Stage of Growth Counts, Not Plant Height

Labels tend to talk about stage of growth today.

Published on: Jul 8, 2010
Fungicide spraying is underway. I personally sighted a crop duster in an airplane spraying a field near power lines and Interstate 74 last week. Talk about guts! Then a helicopter with a wide boom sprayed a cornfield a quarter mile form me the other evening. Odds are you've seen them too. Maybe you've already contracted for spraying, or had spraying completed for either leaf diseases or insects that might affect pollination.

If your field hasn't been sprayed yet, you owe it to yourself to read the label about timing of application yourself. Don't read it near bedtime- it's not exactly juicy reading. But it's important reading in case a mistake is made, and your corn crop winds up damaged. The first question a company rep will likely ask is 'did you follow the label?' Most dealers are well versed in the products they sell. But ultimately it's your field, and you ought to know what the label says.

Some of you may still have smaller corn or soybeans to spray. Many labels once talked about plant height. Now most talk about stage of growth. That's because if conditions hold back growth, a plant may still move toward maturity. So it may be much shorter, but still near the same stage of growth. It's usually stage of growth that matters when it comes to applications and potential plant injury.

Working in the Farm Progress/Precision Planting plot at Throckmorton Research Center , a Purdue University farm, last week, we discovered two plants, both in the V-4 stage by the leaf collar method. One plant was twice as tall as the other. The shorter one was in a water-soaked area and running low on nitrogen.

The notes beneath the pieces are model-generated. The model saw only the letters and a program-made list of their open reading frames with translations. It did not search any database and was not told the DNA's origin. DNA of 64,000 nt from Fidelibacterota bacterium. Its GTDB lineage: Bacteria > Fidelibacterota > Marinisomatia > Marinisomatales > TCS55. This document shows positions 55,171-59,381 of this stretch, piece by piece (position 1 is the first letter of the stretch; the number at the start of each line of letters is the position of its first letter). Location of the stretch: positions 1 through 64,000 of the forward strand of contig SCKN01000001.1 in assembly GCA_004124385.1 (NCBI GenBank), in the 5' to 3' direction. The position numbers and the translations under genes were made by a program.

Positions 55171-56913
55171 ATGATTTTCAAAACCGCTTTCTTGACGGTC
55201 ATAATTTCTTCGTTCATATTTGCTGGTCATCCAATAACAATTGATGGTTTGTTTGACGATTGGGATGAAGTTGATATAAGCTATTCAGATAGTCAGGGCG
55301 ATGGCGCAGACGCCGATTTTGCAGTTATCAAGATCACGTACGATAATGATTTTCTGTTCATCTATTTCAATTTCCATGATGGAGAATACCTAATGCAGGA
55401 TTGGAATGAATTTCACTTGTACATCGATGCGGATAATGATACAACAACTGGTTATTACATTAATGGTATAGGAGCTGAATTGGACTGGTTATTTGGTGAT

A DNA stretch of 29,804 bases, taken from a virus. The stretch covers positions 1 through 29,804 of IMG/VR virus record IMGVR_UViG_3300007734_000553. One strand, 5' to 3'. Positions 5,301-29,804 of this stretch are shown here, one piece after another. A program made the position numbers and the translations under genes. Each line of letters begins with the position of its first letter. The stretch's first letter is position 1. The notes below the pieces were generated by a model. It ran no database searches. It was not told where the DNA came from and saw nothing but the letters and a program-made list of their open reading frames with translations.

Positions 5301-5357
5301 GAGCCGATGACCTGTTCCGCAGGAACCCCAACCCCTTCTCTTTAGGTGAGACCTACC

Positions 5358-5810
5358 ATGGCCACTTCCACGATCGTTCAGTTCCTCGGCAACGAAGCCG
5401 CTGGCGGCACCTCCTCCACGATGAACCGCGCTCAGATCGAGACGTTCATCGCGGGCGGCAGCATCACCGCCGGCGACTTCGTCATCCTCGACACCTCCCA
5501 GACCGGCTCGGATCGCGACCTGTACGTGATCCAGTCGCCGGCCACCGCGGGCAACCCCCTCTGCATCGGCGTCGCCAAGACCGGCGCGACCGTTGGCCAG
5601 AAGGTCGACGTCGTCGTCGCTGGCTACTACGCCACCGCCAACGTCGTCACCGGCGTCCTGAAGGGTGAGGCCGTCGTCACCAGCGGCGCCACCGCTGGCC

Even where corn wasn't rain-soaked, there were differences in height of green plants that were both in the same stage of growth. In this case, the difference was due to differences in emergence, even though the plots were all planted the same day. Corn planted at one inch deep emerged more slowly, and some of those shallow-planted plots are still running behind, especially in plant height.

You can find instructions on how to determine the growth stage of corn plants in the Purdue University Corn and Soybean Field Pocket Guide, printed and distributed by the Purdue University Diagnostic Training Center. The Guide also discusses the droopy leaf method. Using the droopy leaf method, you usually estimate corn at about one leaf stage ahead of what you arrive at using the leaf collar method. Most agronomists prefer the leaf collar method. Check your label to see if it specifies which method it refers to when it talks about stage of growth of plants.